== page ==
Cash still ruled in India despite the government promoting a cashless society. But that is about to change. Photo: AFP

While the Covid-19 pandemic has provided a fillip to cashless transactions globally in a socially distanced world, cash continues to be king in India.

Recent data released by the Reserve Bank of India states that currency in circulation grew by about 13% in the first nine months of the current fiscal year as people preferred holding cash as a precautionary measure amid the uncertainty caused by the Covid-19 pandemic.

As of January 1 this year, the currency in circulation crossed 27.7 trillion rupees (US$378 billion) from 24.47 trillion ($333 billion) on March 31, 2020. On a calendar year basis, the currency in circulation grew by more than 5 trillion rupees, or 22%, from January 1, 2020, onward.

In the wake of the economic uncertainty caused by Covid-19 and to deal with any untoward medical emergencies, people preferred having cash as a precautionary measure.

India’s Covid-19 caseload has crossed 10 million with more than 150,000 deaths and is second only in the world to the US. However, the number of active cases have been declining steadily and the government is planning to roll out a vaccination program from January 16.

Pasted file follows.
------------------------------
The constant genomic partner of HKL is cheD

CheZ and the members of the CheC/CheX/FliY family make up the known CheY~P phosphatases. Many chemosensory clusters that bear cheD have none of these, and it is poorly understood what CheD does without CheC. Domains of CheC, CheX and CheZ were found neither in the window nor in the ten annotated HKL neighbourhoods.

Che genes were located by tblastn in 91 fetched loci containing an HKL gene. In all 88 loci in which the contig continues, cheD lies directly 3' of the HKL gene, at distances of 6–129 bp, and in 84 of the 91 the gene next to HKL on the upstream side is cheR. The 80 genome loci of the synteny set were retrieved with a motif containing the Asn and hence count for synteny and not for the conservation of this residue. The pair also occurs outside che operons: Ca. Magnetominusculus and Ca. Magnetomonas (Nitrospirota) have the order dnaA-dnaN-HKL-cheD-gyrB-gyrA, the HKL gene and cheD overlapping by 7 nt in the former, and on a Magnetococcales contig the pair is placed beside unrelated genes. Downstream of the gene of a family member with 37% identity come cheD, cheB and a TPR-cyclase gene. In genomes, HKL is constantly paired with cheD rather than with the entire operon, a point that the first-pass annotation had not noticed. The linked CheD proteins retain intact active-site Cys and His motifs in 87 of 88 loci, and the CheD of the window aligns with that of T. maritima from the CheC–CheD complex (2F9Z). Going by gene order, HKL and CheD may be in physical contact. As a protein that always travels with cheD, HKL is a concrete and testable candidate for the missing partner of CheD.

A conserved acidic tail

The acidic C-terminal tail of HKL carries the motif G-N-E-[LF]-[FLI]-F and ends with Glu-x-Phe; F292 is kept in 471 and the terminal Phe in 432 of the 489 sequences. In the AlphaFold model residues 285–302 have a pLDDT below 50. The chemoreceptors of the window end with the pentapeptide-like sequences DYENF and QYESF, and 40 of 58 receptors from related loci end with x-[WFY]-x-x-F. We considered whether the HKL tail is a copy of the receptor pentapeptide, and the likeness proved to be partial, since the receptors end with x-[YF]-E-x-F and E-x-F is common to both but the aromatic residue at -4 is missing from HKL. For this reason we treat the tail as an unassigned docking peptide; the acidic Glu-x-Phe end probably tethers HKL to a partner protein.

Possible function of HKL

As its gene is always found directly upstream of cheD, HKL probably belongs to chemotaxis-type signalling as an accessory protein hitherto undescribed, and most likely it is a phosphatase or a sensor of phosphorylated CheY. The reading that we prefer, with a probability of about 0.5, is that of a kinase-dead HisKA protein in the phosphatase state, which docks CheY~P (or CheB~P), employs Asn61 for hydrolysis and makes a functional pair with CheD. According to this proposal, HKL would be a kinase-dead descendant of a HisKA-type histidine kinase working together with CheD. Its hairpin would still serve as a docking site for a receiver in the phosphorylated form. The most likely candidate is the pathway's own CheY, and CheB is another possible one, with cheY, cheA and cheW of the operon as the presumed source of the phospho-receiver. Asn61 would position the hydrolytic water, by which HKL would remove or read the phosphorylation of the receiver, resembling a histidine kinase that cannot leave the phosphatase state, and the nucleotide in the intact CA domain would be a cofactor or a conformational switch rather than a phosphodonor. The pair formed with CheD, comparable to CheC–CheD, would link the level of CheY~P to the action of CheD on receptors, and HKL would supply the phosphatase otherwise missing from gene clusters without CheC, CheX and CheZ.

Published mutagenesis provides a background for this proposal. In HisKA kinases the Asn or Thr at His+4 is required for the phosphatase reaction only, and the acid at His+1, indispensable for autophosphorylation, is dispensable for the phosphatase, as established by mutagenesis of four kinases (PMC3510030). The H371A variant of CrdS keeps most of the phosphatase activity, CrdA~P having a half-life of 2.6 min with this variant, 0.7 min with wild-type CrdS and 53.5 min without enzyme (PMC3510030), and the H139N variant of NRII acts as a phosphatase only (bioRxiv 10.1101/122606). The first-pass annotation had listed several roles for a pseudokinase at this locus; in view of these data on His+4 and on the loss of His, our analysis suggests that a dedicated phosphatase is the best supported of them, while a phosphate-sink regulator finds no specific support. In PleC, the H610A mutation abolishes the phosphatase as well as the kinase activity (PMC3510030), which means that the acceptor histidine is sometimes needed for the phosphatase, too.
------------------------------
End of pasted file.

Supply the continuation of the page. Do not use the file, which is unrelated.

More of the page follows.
The central bank earlier stated in its annual report for 2019-20, released in August 2020, that the demand for cash started to increase in the wake of heightened uncertainty caused by the Covid-19 pandemic.

In value terms, 500 rupee and 2,000 rupee banknotes together accounted for 83.4% of the total value of banknotes in circulation at end-March 2020, with a sharp increase in the share of the former, it added.

The current surge is said to be the sharpest since the Narendra Modi administration’s move to demonetize high-value currency notes in November 2016. From midnight on November 8, currency notes of 500 rupees and 1,000 rupees were outlawed and this froze 86% of circulating cash in the economy.

The total currency in circulation on November 4, 2016, was 17.97 trillion rupees.

This caused a severe hammering of the economy as the cash crunch wrecked many businesses in the informal sector, which employ the majority of the country’s workforce.

For the fiscal year 2017, the currency in circulation plunged nearly 20%, and in the following year, it surged 37% after the Indian government introduced new banknotes of 500 rupees and 2,000 rupees.

One of the professed aims of this exercise, among others, was to bring in a less-cash economy, with a push towards digital and other cashless modes of transactions. Though digital payments have consistently risen in the last four years, with the current pandemic providing an extra push, it has failed to impact cash usage. Since demonetization, the cash in circulation has grown more than 54%.